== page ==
Does it seem hot in here? Only about a million, more or less. Is that F or C? Scientists are making good use of the new solar observatory satellites to learn just how the corona gets so hot! Since the corona is the source of many solar phenomena that affect radio propagation, understanding its mechanics has a lot of practical use right here on terra firma.
The group managing the ARRL Frequency Measuring Tests (FMT) has announced a new format for the April 12th (April 13th UTC) exercise. More information will be printed in the March issue of QST or you can keep an eye on FMT manager Connie K5CM's web site for more information.
The Minnesota QSO Party (Feb 5) is working hard to be sure all 87 counties are activated - even roving in frigid temperatures that would freeze a sine wave! The MN QSO Party County Activity Map is color-coded to show expected county activations and clicking on a county shows call signs "signed up" to activate it. The web site will also track the rovers in real-time via APRS as the contest progresses. Pretty cool! (Thanks, Bob KØRC)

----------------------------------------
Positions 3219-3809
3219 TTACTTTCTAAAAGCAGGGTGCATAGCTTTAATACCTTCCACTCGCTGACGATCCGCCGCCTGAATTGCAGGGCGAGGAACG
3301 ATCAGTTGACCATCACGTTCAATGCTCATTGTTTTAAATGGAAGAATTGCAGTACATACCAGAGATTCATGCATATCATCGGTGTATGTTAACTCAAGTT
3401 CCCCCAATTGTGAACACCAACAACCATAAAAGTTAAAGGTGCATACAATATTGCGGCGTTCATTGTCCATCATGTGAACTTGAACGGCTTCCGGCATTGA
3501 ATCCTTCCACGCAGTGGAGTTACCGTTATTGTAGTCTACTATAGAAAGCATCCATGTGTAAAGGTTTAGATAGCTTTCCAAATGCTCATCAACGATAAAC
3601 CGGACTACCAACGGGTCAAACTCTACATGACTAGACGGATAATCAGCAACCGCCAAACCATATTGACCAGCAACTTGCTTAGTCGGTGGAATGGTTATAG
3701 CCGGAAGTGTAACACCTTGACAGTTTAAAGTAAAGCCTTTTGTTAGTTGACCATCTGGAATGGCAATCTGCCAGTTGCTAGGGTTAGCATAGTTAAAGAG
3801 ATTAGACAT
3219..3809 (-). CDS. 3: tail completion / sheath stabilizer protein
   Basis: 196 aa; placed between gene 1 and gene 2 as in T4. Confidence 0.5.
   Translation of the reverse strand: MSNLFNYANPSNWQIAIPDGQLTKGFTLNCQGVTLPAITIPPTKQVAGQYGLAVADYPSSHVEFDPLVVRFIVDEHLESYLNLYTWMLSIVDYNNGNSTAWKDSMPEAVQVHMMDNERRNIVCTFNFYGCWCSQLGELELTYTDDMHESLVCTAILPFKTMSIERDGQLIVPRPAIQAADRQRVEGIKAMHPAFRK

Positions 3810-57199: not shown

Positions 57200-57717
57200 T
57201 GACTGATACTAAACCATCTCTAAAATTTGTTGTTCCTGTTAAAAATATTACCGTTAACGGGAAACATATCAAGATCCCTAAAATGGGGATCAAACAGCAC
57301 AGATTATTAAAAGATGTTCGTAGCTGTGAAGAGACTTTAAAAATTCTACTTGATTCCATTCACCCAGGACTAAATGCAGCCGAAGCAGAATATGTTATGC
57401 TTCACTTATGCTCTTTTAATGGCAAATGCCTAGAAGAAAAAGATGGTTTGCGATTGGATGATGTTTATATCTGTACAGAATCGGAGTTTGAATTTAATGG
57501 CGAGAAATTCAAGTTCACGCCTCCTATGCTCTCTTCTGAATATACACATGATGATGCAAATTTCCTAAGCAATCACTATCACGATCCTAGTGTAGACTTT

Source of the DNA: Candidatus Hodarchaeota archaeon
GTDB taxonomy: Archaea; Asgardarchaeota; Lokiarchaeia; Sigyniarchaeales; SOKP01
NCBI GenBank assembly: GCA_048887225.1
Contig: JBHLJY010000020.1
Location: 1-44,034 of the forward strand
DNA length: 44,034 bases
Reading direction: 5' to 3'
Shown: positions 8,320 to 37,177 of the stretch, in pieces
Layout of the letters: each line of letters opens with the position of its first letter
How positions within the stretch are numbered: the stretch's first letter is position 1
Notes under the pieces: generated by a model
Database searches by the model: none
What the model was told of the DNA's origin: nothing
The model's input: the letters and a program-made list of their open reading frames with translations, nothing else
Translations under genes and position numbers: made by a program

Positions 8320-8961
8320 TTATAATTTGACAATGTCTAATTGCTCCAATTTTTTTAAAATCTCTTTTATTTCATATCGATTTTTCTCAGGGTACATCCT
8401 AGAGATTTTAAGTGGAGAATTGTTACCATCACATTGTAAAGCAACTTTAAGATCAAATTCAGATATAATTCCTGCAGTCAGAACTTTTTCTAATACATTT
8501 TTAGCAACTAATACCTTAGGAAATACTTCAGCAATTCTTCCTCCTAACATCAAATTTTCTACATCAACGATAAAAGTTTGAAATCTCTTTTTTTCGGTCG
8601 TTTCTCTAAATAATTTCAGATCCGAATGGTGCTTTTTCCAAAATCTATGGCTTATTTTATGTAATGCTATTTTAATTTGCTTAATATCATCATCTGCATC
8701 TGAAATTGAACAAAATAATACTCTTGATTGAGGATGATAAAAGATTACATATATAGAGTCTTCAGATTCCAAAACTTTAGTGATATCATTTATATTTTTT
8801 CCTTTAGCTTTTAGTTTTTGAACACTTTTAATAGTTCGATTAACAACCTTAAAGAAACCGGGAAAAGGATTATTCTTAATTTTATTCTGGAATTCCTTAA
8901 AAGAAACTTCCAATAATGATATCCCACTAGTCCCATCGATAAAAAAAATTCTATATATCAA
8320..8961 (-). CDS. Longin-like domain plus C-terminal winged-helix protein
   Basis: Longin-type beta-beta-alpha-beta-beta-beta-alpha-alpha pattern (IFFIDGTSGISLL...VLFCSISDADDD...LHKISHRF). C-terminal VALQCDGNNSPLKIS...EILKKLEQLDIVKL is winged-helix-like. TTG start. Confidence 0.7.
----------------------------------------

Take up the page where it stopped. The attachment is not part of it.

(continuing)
Alberto LU1DZ writes in with notification of a new web site for the CW World Wide South America Contest. Results of previous contests will be published here when they are available.
W3KM has updated his Cabrillo Log Evaluator software - it's very useful for contest sponsors that use the Cabrillo log format for submissions. If your club sponsors a contest, why not encourage the use of the standard format and make your log-checking life a bit easier? Individual contesters may find the Cabrillo Log Checker to be helpful in converting and managing their logs. (Thanks, John WA2HIP and Bob N6TV)
Web Site of the Week - Science fairs are a lot of fun for the technically-inclined student and encourages them on their way to a career in engineering or science. Google has launched its own Global Science Fair project for entrants between the ages of 13 and 18. Each project is created as a Google web site and the judges will be actual scientists and technical professionals. Maybe that new antenna or digital protocol would catch their eye?
WORD TO THE WISE